Interesting article in Saturday’s Guardian “Weekend” colour magazine. It consisted of a photo essay extracted from a book, Pig 05049, by Christien Meindertsma, and an essay by author Bill Buford. Interesting for two reasons.
First, the photo essay documents 185 (well, some) products made from a slaughtered pig, including apple juice (gelatine), jigsaw puzzle (bone glue) and sandpaper (bone glue, again). Which goes to prove the challenge of living as a vegan. Some, would argue that it’s a pointless exercise. An impossibility. I say the journey to veganism is more important than arriving at its destination.
Second, interesting point is this: Why do people writing about being involved in the slaughter of animal always have to romantise the act? And load it up with sentimental tosh to make it appear profound? For example, Buford writes, “The blood collects in a bucket, which I stirred to keep from coagulating. I was given a ladle and invited to try it. I was surprised by the taste, which was vital and energising and happy.” What’s happy, exactly, about tasting the blood of a pig you’ve just killed? Then, there’s pseudo moralising and vacuous apology for the crime.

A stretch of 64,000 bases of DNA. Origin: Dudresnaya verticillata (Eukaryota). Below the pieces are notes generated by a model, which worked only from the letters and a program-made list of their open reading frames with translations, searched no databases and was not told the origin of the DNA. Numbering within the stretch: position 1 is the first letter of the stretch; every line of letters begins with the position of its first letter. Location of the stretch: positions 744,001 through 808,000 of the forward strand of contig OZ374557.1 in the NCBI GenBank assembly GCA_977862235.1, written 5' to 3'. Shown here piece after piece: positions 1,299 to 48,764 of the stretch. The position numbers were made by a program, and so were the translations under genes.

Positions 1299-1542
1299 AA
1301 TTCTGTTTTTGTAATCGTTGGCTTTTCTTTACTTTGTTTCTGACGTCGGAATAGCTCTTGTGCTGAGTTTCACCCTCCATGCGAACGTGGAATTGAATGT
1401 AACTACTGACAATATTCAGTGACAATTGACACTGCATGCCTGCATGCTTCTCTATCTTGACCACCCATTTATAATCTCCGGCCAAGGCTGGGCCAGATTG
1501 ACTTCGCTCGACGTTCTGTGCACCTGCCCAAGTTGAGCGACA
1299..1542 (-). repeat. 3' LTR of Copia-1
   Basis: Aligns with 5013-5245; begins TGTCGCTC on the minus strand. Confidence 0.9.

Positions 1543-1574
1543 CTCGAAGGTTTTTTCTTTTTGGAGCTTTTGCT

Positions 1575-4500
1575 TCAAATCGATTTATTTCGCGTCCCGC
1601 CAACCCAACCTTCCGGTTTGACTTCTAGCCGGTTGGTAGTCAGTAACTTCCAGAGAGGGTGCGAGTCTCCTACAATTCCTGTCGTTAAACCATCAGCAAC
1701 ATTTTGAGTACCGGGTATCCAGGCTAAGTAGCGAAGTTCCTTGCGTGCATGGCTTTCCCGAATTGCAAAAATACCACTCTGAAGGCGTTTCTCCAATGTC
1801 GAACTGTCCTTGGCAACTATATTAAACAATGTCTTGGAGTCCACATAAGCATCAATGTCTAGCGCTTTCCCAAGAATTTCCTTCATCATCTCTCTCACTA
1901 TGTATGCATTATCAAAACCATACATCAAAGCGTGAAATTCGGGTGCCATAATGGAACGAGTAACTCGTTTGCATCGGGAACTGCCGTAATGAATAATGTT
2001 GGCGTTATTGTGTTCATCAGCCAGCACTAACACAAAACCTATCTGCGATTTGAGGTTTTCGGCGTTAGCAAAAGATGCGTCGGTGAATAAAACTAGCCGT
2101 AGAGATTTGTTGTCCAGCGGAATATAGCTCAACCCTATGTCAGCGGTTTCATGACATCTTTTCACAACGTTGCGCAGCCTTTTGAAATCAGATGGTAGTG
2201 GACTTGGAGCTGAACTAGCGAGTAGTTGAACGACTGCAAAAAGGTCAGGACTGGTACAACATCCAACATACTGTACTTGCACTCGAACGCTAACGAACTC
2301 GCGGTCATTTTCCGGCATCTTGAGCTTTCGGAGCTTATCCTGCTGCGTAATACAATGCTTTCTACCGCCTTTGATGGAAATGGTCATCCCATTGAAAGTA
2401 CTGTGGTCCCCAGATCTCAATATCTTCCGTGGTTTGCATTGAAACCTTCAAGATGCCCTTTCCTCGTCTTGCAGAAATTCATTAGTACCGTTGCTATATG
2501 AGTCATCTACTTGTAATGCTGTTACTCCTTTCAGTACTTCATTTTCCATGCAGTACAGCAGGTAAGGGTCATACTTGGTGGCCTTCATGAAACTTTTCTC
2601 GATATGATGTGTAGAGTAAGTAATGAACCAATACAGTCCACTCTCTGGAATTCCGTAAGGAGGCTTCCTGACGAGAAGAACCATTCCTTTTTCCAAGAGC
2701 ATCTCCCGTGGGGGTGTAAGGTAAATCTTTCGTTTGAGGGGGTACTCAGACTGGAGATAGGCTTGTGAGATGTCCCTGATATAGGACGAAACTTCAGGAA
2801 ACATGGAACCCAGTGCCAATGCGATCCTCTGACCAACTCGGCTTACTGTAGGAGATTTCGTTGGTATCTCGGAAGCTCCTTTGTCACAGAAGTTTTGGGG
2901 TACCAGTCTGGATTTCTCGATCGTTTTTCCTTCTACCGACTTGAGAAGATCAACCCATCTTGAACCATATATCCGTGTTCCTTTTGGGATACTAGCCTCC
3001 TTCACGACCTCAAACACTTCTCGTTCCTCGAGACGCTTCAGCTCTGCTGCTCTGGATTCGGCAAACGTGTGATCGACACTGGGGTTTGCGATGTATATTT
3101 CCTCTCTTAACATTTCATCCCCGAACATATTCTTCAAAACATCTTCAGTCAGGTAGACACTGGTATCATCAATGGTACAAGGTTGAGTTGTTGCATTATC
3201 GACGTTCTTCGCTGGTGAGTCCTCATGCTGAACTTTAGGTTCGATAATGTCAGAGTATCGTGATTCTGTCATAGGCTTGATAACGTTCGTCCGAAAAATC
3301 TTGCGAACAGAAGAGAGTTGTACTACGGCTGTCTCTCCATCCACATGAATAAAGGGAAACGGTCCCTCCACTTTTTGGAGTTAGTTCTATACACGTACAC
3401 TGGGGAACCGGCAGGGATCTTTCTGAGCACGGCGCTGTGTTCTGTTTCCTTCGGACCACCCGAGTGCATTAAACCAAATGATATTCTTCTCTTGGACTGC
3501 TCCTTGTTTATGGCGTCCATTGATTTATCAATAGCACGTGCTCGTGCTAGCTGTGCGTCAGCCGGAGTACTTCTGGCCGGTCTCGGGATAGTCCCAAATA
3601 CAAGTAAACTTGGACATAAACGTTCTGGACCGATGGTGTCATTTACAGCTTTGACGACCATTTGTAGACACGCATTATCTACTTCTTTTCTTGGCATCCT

The effort took four men. The pig knew what was taking place. She was strong. She fought. There was no piggy squeal. There was a wide-open cry. She cried loudly and didn’t stop until a few seconds, and not more than a few seconds, after her heart was pierced. The cry reached far into the upper regions of sound; a high-pitched, baying wail that my brain was unable to edit out or regard as normal. Then, just as I tightened the rope around the animal’s leg, she looked at me, dead on, and locked me with her eyes. Why me? Among the faces of these hardened traditionalists, did mine convey unease? The lock was like a clamp. I wanted to turn away. I didn’t.